Executed man’s clan to get $2 million

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Executed man’s clan to get $2 million

A local court ruled Friday that the government must pay 2.3 billion won ($2.05 million) to the surviving relatives of an academic wrongfully executed by the Park Chung Hee administration on trumped-up espionage charges.

The Seoul Central Court ruled Friday that the government must pay more than 993 million won to the daughter of Park No-soo and another 832 million won to his wife. Park’s siblings were awarded 521 million won.

Park, an international law professor at the University of Cambridge, was a victim in the “European spy scandal” of 1969. The Park regime’s intelligence agency fabricated a series of espionage scandals to divert public resistance to his dictatorship, and Park’s case was one of them. Another infamous scandal was the “East Berlin incident” of 1967, in which 194 Korean students and residents in Europe, including renowned composer Yun Isang, were accused of espionage.

Born in 1933, Park studied law at the University of Tokyo in 1955 and continued his studies at the University of Cambridge. After working as an international law professor at the university, he received a job offer from Harvard University and returned to Korea in February 1969 to prepare for the relocation.

Two months after his return, Park was arrested by the Korea Central Intelligence Agency (KCIA), the processor of the National Intelligence Service, on suspicions that he violated the National Security Law. The law was enacted in 1948 to fight communism.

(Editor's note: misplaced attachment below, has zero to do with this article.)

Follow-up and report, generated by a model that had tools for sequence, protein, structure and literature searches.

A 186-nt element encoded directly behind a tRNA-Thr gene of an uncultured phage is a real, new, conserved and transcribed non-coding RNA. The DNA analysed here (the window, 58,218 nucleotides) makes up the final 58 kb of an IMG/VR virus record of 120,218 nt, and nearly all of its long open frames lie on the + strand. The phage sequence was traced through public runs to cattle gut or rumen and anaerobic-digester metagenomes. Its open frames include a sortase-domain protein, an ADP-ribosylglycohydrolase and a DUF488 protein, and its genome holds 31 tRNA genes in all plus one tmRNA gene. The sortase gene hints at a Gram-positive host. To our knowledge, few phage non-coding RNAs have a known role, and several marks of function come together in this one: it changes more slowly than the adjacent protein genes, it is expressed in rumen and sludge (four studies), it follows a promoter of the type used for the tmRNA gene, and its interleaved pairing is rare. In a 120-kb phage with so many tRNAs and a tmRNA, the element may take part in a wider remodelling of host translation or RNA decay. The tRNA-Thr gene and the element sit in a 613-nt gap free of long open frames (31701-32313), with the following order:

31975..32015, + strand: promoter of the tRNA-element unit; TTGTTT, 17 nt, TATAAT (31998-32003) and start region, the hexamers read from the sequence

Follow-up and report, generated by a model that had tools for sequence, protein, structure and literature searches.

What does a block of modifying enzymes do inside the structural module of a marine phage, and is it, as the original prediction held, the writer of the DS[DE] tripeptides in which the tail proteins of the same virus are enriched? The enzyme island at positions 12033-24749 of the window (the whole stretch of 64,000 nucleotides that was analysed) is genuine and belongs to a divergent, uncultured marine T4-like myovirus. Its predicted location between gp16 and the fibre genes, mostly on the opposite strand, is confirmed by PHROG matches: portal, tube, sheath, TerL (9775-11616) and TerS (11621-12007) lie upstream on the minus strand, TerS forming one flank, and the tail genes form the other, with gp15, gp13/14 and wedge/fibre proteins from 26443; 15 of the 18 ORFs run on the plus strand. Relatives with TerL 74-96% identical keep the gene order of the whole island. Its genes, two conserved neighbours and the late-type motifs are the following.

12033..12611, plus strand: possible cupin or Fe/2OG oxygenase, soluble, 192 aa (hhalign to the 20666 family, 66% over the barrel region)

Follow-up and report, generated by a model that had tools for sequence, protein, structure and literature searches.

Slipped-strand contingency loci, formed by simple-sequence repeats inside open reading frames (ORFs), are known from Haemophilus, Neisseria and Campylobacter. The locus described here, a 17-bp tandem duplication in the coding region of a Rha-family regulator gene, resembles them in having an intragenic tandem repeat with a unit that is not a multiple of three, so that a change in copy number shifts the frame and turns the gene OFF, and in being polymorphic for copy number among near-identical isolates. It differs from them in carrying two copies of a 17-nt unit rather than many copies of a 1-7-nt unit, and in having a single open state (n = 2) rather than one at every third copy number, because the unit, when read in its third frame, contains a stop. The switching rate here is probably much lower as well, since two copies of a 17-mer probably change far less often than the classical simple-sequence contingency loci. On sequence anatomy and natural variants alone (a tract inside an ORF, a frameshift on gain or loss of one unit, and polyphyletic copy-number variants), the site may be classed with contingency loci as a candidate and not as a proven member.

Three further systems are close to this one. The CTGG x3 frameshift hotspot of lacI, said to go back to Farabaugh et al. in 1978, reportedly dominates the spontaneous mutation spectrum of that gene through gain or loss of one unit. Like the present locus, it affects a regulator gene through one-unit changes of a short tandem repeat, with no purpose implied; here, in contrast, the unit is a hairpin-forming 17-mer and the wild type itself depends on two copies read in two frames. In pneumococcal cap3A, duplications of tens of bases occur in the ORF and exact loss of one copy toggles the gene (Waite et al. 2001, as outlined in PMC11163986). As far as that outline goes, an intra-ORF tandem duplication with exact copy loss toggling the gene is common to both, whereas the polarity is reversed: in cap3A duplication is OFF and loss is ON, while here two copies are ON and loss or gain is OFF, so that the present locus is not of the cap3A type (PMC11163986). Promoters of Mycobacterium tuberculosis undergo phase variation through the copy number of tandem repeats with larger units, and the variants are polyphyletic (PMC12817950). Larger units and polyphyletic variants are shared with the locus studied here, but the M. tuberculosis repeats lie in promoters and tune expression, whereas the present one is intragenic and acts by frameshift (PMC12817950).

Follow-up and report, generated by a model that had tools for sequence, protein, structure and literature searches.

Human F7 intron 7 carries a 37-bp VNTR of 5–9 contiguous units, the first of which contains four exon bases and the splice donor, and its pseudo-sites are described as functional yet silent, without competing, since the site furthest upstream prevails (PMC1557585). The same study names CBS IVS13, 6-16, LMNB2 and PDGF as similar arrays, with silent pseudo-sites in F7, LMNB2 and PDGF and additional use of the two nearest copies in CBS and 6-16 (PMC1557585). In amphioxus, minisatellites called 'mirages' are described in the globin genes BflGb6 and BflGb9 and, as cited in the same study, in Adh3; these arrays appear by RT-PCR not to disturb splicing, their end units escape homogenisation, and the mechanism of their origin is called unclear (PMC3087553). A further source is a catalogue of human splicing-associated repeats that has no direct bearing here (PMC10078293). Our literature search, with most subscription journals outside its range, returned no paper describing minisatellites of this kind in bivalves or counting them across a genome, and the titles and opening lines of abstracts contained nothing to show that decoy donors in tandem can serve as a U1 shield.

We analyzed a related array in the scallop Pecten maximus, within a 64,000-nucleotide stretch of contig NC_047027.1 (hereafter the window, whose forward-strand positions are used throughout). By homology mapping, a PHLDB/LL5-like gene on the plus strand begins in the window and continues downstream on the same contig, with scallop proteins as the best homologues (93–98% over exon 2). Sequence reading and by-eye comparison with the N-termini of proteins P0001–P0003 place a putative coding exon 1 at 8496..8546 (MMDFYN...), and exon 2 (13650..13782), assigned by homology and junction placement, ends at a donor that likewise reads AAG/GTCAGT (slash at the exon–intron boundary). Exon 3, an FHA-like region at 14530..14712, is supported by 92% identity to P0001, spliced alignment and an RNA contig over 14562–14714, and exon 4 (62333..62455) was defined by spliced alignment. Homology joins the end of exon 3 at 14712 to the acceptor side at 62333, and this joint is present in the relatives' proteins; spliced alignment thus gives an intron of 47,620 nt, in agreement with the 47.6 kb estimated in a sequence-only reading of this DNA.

The agency claimed that Park received orders and money from North Korea and visited East Berlin and Pyongyang. It also claimed that he joined the Workers’ Party of the North and committed espionage.

He was convicted in November 1969 and sentenced to death. The Supreme Court confirmed the sentence in 1970 and Park was executed on July 28, 1972. Kim Kyu-nam, was also arrested by the intelligence agency around the same time. He was executed 15 days before Park was killed.

In 2006, the Truth and Reconciliation Commission conducted an investigation into the European spy scandal. The fact-finding mission concluded that Park was forced to make a confession. The head of the KCIA at the time, Kim Hyung-wook, pointed a gun at Park and forced him to confess, the report said.

Kim Pan-soo, another victim of the incident, remembered enduring severe beatings, water torture and electric shocks. Based on the commission’s conclusion in 2009, Park’s family applied for a retrial. The Supreme Court posthumously acquitted Park in 2013, clearing him of the espionage charges 43 years after his execution.

Park’s family filed a civil suit seeking 7 billion won in compensation.

“The amount of compensation announced today is small, considering their sufferings. I will talk to them and appeal,” said Jo Eui-jeong, its lawyer.

BY SER MYO-JA [ser.myoja@joongang.co.kr]
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